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Irrelevance of God?

SydThatIsCalledSyd
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8/6/2013 6:27:45 PM
Posted: 3 years ago
Since conciousness is created by some arrangement of the neurons and electrical impulses in our brain (barring a 'soul'), consciousness can theoretically be recreated using a man-made computer. Matter and the laws of physics can also be described using a computer, to a degree of accuracy. If both these statements are true, I see no reason why a simulated 'Universe' - indistinguishable from the real McCoy, to its inhabitants - could not be created by a single person, naturally at some point in the distant future. My question is this: would the person (or people, for that matter) who built the computer and wrote the software be accurately described as God(s)? In other words, is the creation of the Universe, life and consciousness (as well as an assumed omniscience, in the computer program scenario) enough to be classified as God, or are omnipotence and immortality absolutely necessary? More importantly, would the creation of a Universe without pain, death - the usual drawbacks - make you objectively 'better' than, for argument's sake, the Christian God?

First timer here, feel free to rip my arguments to shreds.
~remember to add signature here later~
Stephen_Hawkins
Posts: 5,316
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8/6/2013 6:39:23 PM
Posted: 3 years ago
One is not knowing everything no matter what our creations are: the two states are independent. However, that arguably isn't the definition of omniscient. We'd essentially get into problems of defining God. I'd rather use a secondary word, or use the example to highlight the inaccuracy of the word.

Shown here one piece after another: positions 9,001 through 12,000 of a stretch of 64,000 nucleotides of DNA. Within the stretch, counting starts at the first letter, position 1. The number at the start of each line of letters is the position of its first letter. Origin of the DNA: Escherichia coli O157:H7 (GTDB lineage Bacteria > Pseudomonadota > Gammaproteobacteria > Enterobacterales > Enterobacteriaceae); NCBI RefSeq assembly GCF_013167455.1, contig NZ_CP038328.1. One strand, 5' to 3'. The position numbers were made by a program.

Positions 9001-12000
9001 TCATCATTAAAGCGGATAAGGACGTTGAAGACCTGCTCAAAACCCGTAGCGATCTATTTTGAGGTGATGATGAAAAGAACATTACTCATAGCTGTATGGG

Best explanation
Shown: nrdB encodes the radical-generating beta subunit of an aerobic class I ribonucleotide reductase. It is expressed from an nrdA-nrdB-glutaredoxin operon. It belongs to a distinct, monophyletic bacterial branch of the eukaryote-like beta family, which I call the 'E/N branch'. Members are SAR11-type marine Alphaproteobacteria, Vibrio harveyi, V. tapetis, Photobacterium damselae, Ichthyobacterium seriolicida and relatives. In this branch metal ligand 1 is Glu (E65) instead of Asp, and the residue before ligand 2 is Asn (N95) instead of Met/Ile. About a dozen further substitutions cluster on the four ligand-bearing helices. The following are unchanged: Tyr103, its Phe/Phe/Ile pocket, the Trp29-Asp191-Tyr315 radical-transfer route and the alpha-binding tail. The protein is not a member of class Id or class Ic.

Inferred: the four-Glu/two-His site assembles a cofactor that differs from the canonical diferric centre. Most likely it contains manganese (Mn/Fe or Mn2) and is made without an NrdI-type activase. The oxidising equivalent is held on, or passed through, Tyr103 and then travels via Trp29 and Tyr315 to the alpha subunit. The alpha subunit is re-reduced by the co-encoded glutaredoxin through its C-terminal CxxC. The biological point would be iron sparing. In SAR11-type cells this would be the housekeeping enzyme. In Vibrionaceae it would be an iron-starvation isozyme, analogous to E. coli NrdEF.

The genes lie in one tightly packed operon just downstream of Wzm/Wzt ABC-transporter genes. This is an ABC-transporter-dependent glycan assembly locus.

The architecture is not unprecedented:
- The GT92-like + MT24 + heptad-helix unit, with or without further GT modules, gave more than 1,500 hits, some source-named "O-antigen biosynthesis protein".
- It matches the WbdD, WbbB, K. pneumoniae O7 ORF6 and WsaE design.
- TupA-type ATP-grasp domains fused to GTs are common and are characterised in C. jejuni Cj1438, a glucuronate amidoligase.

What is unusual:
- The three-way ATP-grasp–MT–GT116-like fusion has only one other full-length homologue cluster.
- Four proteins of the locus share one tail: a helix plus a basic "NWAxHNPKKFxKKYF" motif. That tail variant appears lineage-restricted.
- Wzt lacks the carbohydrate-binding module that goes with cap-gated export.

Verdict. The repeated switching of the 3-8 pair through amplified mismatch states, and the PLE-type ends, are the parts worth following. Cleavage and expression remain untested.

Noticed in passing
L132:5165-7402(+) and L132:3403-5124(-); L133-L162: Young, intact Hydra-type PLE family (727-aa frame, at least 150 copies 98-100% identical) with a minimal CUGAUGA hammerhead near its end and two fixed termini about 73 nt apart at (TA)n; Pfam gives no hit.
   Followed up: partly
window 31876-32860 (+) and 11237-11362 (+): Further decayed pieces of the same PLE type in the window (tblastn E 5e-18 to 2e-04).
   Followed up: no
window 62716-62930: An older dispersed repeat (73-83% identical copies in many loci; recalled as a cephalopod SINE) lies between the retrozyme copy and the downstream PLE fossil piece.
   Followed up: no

Give a man a fish, he'll eat for a day. Teach him how to be Gay, he'll positively influence the GDP.

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Sidewalker
Posts: 3,713
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8/6/2013 8:32:31 PM
Posted: 3 years ago
At 8/6/2013 6:27:45 PM, SydThatIsCalledSyd wrote:
Since conciousness is created by some arrangement of the neurons and electrical impulses in our brain (barring a 'soul'),

That hasn"t been established by any stretch of the imagination.

consciousness can theoretically be recreated using a man-made computer.

It"s highly doubtful, but even if consciousness was "created by some arrangement of the neurons and electrical impulses in our brain", it doesn"t follow that consciousness can "theoretically be recreated using a man-made computer."

Matter and the laws of physics can also be described using a computer, to a degree of accuracy. If both these statements are true, I see no reason why a simulated 'Universe' - indistinguishable from the real McCoy, to its inhabitants - could not be created by a single person, naturally at some point in the distant future.

I don"t think either statement is true, but why on earth would you assume that just because the laws of physics can be described using a computer that therefore an indistinguishable simulated Universe could be created. The laws of physics could be described using a pencil and paper too, that doesn"t mean you could write a simulated Universe on a legal pad and it would be indistinguishable from the universe does it?

My question is this: would the person (or people, for that matter) who built the computer and wrote the software be accurately described as God(s)?

No, I think they"d be called computer programmers.

In other words, is the creation of the Universe, life and consciousness (as well as an assumed omniscience, in the computer program scenario) enough to be classified as God, or are omnipotence and immortality absolutely necessary?

No, I don"t think computer programmers that write simulation games are Gods, if they were they would be able to get girlfriends.

" More importantly, would the creation of a Universe without pain, death - the usual drawbacks - make you objectively 'better' than, for argument's sake, the Christian God?

No, do you think you could describe a perfect thousand carat perfect diamond on a computer and sell it for millions?

First timer here, feel free to rip my arguments to shreds.

It isn"t even wrong.
"It is one of the commonest of mistakes to consider that the limit of our power of perception is also the limit of all there is to perceive." " C. W. Leadbeater